Under DOL’s plan, most individuals making up to $970 a week would automatically receive overtime pay at time-and-a-half when working more than 40 hours a week, up from the current $455 set in 2004.

Shay said that amount – $50,440 a year – would cover two-thirds of salaried retail workers and would be “simply too high a level for the low-margin retail industry to bear without severe repercussions.”

The Labor Department chose $970 under a formula intended to give overtime to the lowest-paid 40 percent of all full-time workers nationwide who currently receive a fixed salary. But Shay said 40 percent “is completely arbitrary, lacks transparency and is completely lacking in foundation.” Instead, he said DOL should use the same methodology used in 2004, when the $455 level was based on the lowest-paid 20 percent of salaried workers in the south rather than nationwide and in the retail industry rather than all industries.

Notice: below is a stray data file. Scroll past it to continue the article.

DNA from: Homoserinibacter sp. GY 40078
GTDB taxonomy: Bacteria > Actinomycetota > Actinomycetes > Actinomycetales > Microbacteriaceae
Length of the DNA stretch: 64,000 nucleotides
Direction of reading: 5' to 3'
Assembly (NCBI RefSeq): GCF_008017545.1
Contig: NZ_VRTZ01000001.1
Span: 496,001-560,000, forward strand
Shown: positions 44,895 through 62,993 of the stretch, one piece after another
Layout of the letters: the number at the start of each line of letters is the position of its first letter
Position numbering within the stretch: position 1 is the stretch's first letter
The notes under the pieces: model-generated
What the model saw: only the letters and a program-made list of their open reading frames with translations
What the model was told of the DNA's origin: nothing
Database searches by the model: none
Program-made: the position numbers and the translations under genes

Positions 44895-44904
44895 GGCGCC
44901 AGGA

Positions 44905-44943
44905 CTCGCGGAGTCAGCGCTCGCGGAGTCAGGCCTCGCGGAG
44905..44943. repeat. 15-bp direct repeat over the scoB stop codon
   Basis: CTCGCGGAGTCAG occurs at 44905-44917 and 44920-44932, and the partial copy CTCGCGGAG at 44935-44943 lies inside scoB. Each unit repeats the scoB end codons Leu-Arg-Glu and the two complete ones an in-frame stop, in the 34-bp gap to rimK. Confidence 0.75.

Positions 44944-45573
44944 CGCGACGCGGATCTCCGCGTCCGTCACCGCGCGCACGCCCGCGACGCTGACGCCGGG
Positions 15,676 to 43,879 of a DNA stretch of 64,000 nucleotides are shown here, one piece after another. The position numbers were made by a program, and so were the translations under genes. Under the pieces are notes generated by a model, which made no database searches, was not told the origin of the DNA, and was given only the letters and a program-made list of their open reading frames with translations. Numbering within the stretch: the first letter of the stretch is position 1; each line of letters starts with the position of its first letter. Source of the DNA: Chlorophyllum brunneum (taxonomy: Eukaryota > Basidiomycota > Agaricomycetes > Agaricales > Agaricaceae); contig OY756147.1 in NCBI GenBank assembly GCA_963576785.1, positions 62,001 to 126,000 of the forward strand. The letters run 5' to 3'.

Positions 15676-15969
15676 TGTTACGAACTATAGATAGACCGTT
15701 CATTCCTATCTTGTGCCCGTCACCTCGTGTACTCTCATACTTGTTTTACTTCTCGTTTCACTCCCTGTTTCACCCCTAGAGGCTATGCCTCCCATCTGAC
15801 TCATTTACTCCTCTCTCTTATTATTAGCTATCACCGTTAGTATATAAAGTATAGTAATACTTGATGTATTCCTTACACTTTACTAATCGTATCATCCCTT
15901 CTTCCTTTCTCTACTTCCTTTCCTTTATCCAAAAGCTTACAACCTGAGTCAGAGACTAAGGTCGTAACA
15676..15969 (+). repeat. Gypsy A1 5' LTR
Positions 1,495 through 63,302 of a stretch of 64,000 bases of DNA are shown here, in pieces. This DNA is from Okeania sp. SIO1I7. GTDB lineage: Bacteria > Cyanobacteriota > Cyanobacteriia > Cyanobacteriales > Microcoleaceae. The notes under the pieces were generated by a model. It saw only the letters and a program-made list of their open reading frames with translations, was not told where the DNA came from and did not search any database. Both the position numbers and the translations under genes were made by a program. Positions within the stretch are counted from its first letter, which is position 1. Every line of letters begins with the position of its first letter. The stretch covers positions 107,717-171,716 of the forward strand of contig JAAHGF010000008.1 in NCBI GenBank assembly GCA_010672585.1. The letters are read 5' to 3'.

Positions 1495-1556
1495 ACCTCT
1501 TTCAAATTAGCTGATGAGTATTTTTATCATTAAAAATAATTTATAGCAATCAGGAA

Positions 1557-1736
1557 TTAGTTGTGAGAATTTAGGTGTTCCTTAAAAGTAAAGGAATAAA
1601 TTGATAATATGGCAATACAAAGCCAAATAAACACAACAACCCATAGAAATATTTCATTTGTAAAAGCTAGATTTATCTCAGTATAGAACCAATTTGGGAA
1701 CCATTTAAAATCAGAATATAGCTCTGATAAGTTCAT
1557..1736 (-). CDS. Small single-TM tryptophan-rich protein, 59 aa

Shay said cost-of-living differences mean that setting the level at $970 would provide overtime to more than 45 percent of currently salaried workers in 10 states and more than 50 percent in eight more states – more than double the percentage who now receive overtime.

Shay asked DOL to reject a provision of the proposal that would automatically increase the salary level each year, saying past policy of updating it only when needed “has worked well and there is no need to break with this practice.”